RUSTON, La (KMSS/KTAL) – “My dad would say if you want to hang with the big dogs, you’ve got to be a big dog,” said Steele Netterville.

“Slade would come in huffing and puffing, and Steele would come in behind him saying, ‘If you can’t handle it, get out of the cage,” said Teri Netterville.

“He taught me how to be tough and pushed me to be better everyday,” said Slade Netterville. “I owe a lot to him.”

From the backyard cage…

“Out of Slade’s bedroom window, you can see the batting cage,” said Teri Netterville, Steele and Slade’s mother. “My favorite memories were going to that window and watching the big brother help the little brother.”

To the Louisiana Tech kennel.

“I had no idea that could have happened, but when it did I was super excited I was going to have the chance to be in the same dugout as my brother,” said Slade.

Brothers, turned teammates. Over the last five years a Netterville could be found on the Louisiana Tech baseball roster.

“Netterville is still here?” said Louisiana Tech Head Coach Lane Burroughs in regards to Steele Netterville, who has been on the team since 2017. “That’s kind of what we get whenever we go play.”

But this year, you could find two Nettervilles on the roster.

“That is the one silver lining to COVID,” said Teri Netterville. “If that had not happened and Steele did not have this extra year, they would not have played on the same team ever.”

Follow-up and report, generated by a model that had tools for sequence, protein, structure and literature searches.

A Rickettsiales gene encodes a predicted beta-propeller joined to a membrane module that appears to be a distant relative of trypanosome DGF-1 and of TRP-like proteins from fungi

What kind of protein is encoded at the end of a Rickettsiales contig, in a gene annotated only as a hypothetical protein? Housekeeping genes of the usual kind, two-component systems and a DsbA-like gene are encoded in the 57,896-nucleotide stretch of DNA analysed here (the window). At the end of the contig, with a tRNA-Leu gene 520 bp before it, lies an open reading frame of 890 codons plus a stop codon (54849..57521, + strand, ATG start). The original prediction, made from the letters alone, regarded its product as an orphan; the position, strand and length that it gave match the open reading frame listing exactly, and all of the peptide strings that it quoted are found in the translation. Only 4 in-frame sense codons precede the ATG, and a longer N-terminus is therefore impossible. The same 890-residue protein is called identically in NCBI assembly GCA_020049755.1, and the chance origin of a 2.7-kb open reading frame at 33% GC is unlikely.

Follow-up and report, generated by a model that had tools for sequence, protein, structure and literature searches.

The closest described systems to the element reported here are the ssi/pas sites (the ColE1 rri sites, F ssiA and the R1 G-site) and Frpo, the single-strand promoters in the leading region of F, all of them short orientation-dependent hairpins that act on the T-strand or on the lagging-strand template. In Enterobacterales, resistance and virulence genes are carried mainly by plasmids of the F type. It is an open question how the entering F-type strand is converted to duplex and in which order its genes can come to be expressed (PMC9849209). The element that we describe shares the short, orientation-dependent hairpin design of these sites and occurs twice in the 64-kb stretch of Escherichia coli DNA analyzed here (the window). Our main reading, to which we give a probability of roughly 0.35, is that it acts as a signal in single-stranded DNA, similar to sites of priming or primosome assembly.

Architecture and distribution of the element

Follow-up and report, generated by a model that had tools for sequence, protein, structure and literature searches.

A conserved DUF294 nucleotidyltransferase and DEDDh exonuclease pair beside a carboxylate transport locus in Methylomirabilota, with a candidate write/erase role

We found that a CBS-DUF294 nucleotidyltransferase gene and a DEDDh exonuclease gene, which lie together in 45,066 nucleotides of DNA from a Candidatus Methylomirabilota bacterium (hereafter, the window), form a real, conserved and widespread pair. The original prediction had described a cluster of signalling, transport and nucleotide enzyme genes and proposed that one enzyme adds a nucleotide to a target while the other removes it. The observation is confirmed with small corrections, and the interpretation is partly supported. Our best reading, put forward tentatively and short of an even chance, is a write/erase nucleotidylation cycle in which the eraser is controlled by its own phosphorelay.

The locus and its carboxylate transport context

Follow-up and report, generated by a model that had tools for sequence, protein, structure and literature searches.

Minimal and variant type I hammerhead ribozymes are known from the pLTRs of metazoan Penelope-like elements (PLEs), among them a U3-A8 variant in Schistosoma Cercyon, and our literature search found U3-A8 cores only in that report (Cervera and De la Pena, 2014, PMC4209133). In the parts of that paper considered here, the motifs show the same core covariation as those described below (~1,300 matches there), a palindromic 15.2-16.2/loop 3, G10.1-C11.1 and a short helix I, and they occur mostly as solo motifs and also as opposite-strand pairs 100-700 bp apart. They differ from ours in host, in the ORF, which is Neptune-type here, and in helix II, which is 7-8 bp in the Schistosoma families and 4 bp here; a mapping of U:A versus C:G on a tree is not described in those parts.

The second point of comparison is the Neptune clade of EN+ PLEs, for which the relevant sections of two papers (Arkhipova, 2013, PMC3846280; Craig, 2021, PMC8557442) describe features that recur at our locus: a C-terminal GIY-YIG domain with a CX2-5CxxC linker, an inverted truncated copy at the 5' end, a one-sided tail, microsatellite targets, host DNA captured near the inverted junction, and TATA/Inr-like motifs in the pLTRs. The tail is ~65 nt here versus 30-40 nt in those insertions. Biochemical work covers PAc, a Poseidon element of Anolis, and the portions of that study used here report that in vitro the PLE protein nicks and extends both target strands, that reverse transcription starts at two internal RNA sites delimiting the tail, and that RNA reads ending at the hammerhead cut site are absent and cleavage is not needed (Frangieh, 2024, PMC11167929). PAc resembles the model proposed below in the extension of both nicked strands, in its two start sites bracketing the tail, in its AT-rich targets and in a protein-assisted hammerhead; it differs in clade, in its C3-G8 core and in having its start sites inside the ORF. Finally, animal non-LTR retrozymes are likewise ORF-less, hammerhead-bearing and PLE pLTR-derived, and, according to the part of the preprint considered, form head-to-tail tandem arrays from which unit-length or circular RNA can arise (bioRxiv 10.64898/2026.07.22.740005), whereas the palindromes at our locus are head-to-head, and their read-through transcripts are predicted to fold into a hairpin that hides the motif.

“It’s fun to watch them interact like brothers and really go at each other, and then two minutes later they’re hugging and telling each other how much they love each other,” joked Coach Burroughs.

While also not forgetting to tell each other who’s the better athlete.

“I remember me being a lot better than him and my dad always saying I was better than him,” said Slade. “I mean I’ve heard it my whole life. I mean that’s about it. Just me being better than Steele.”

“I love Steele, but Slade is probably the better athlete,” said Greg Williams, who coached both Steele and Slade at C.E. Byrd High School in Shreveport.

“I’d let him say that but I know deep down the truth,” said Steele. “So we’ll let him have that or whatever but it’s super nice for him to say for Slade.”

So, we may not have a definite answer on who the best athlete is, but there is one thing we do know.

“He’s proud to be Steele’s brother and Steele’s proud to be Slade’s brother,” said Coach Williams.

“I’d watch Steele and he would stay back and watch Slade and see how he was doing and I’m like, ‘Leave him alone. You’re not his dad. Get out of here and let him do his thing,” joked Coach Burroughs.

‘It’s been super special to kind of show him the ropes and be there for him when he has any questions and experience his first year with him,” said Steele.

And for Slade, experience his older brother making history.

“One of the things that really got me was when Steele broke the doubles record,” said Coach Burroughs. “We come in off the field, and the first guy to meet him was Slade running up. I’m getting chills from it. He comes flying up to him gave him a big hug. That’s what it’s all about.”

However, the duo on the field wouldn’t be there without the duo behind the scenes.

“My dad has done everything under the sun to help us be successful in baseball whether it’s buying the gear or working with us in the cages or putting us in positions to be successful,” said Steele. “My mom has been there every step of the way. She doesn’t miss a game. Not only that she’s involved with the team, she’s doing things for the team. She packs snack bags for the travel road. She just wants to be a part of it.”

“It’s been the ride of my life,” said Mrs. Netterville. “It’s been fun.”